DATABASE_URL environment variable on the Django container and configure all the correct security groups for RDS. Finally we define any necessary default environment variables in this case we only need the Django secret key.
Now we should have everything we need to run locally. Making sure we are in the root directory for our application we simply run
$ convox start
You may see some errors at this point and that’s ok. The issue is we haven’t migrated our database yet. Convox allows you to run one-off commands against your local and production racks. So let’s go ahead and migrate by opening a second terminal window and running
$ convox switch local
to ensure we are running commands against our local rack and now we can run
$ convox run web python manage.py migrate
to run our migrations. Once our migrations have run we should see the errors clear up in our other terminal window and we should be ready to test. Now we can run
$ convox services
to get the hostname for our local app. Finally we can put that hostname in our browser and make sure our app works. If we want to run any other management commands we can do the same as we did with migrations ex:
$ convox run web python mange.py createsuperuser
So awesome, we have our Django app running locally on Convox we are ready to deploy to AWS! The first thing we need to do is connect Convox to our AWS account following the instructions here. Once we have done this we can create a production rack to deploy to . This entire process should take 15-20 minutes but you only need to do it once. Once our production rack is ready to go we need to switch our Convox CLI from our local rack to our production rack. We run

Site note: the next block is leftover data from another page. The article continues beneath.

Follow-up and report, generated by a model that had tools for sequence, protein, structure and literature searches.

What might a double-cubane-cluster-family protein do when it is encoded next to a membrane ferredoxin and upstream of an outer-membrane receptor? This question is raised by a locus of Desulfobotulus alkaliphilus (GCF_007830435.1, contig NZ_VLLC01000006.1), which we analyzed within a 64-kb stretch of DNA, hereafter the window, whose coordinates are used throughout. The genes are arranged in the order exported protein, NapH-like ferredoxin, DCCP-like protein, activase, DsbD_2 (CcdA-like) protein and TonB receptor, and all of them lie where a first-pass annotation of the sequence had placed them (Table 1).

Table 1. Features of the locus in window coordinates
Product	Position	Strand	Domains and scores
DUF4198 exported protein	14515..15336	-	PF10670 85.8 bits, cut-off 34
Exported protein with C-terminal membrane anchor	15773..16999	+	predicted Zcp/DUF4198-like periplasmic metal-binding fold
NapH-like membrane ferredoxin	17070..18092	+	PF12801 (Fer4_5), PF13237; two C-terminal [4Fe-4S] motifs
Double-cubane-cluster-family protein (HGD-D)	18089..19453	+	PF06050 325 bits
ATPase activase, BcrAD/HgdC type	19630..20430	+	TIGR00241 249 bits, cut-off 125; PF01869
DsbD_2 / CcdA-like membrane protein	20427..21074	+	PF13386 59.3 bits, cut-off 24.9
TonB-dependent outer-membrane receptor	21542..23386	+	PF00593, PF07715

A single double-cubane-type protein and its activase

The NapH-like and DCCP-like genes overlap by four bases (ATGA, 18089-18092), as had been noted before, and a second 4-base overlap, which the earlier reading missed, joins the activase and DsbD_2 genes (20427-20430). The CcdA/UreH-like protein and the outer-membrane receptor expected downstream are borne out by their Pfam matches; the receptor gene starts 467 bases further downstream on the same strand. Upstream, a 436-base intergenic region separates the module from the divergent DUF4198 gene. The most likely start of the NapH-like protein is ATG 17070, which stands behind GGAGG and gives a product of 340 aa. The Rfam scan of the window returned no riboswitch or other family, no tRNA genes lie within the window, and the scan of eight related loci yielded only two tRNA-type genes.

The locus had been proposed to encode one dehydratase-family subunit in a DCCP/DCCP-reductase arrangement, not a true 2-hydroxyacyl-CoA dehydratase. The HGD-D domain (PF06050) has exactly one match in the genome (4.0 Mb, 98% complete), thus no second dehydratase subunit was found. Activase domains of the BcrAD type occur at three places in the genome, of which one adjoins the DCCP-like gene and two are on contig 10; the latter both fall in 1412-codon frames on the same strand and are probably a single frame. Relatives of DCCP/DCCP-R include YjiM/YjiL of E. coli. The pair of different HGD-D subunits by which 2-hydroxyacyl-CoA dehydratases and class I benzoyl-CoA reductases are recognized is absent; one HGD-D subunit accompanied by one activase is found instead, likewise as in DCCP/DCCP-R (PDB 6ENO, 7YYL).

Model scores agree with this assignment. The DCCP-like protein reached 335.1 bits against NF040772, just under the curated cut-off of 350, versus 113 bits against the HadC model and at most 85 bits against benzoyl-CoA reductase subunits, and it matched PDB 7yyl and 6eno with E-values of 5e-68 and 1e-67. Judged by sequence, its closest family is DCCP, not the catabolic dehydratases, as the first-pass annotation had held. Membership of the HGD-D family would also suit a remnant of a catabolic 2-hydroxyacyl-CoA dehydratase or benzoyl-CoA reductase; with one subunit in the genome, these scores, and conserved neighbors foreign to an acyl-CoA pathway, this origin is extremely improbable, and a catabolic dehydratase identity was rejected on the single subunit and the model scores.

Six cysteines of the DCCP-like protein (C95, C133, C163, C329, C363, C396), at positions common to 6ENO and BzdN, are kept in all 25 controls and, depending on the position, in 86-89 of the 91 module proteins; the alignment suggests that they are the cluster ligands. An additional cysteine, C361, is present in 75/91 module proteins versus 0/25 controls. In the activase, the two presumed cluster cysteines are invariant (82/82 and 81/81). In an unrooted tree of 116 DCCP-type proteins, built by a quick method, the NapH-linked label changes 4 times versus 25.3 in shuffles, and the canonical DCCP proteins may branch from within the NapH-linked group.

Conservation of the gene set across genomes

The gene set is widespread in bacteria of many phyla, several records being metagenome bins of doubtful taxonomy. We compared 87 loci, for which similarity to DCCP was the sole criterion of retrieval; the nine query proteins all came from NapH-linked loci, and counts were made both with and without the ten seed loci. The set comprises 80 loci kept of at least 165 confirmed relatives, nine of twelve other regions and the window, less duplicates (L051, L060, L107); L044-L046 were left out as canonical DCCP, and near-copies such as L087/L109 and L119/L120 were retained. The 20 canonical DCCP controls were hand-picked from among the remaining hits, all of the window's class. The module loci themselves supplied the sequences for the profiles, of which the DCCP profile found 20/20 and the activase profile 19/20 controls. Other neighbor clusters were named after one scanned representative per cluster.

$ convox racks
to grab the name of our production rack. If you don’t see your production rack make sure it is done being created and that your CLI is logged in to your Convox account. Once we have our production rack name we switch to it with
$ convox switch [rack name]
Now we create an application with
$ convox apps create --wait
and finally we can deploy our application with